Regularly eating dried plums may promote retention of beneficial gut bacteria and reduce the risk of colon cancer, suggests new research.
“Through our research, we were able to show that dried plums promote retention of beneficial bacteria throughout the colon, and by doing so they may reduce the risk of colon cancer,” said Nancy Turner, professor at Texas A&M University, College Station, Texas, US.
Previous research has shown that disruptions to the microbiota are involved in the initiation of intestinal inflammation and recurrence of inflammatory bouts that can promote development of colon cancer.
“Our research explored the potential cancer-protective properties of dried plums using a well-established rat model of colon cancer,” Turner said.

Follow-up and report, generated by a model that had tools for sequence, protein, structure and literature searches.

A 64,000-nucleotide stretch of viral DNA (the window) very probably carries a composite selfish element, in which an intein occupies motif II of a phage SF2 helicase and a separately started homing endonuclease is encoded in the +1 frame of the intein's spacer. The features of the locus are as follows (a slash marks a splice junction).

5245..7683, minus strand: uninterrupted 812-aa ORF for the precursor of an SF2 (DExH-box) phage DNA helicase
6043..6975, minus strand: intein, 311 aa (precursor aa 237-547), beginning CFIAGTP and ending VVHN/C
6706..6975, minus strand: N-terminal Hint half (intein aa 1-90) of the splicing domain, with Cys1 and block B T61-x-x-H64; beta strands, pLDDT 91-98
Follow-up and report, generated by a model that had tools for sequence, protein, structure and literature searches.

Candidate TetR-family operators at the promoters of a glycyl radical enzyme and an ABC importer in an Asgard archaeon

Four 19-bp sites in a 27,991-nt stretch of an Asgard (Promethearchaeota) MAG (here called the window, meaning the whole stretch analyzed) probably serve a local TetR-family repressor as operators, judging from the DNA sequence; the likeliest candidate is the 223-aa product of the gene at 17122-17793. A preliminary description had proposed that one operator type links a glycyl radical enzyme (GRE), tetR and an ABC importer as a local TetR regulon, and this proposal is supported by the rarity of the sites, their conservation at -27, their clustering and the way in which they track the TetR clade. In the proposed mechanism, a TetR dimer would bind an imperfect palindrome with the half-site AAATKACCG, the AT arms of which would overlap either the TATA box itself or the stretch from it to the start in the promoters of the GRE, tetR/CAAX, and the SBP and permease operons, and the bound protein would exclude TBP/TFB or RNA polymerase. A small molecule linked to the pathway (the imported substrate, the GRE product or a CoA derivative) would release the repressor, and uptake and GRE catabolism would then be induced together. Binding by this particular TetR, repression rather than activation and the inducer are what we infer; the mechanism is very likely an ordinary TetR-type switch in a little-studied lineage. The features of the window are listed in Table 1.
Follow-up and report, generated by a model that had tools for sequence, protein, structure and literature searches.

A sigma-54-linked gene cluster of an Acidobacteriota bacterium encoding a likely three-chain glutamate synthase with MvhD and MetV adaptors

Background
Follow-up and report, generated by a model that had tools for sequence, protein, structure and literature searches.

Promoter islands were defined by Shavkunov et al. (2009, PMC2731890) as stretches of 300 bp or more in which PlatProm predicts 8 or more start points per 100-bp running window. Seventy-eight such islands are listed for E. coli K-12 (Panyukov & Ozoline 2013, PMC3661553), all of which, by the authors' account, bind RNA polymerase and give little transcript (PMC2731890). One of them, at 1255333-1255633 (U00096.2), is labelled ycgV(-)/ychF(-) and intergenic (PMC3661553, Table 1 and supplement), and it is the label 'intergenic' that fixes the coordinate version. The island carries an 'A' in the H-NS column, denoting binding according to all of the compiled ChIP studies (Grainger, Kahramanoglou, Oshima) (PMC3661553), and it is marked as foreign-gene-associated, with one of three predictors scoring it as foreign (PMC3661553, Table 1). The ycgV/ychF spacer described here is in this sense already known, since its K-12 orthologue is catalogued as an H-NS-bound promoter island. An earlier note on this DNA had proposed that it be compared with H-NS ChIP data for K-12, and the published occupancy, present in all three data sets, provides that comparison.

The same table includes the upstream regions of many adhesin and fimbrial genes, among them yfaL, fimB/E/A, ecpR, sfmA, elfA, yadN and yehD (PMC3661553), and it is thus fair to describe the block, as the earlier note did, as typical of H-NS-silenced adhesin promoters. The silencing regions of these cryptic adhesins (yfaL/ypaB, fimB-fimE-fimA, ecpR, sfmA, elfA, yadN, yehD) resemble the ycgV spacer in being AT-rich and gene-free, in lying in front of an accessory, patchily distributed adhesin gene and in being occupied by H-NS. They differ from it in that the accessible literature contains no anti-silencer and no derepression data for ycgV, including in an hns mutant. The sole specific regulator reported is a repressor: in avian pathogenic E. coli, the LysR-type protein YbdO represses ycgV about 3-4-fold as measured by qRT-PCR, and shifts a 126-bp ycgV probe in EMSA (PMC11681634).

“Dried plums contain phenolic compounds, which have multiple effects on our health, including their ability to serve as antioxidants that can neutralise the oxidant effect of free radicals that can damage our DNA,” she noted.
The rats were fed a control diet or a diet containing dried plums, and both diets were matched for total calories and macronutrient composition so that the effect due to diet would be attributed to compounds uniquely found in the dried plums, Derek Seidel, doctoral graduate student and research assistant for Turner who assisted in the study said.
The intestinal contents and tissues from different segments of the colon were examined.
“From this study we were able to conclude that dried plums did, in fact, appear to promote retention of beneficial microbiota and microbial metabolism throughout the colon, which was associated with a reduced incidence of precancerous lesions,” Turner said in a statement released by Texas A&M University on Friday.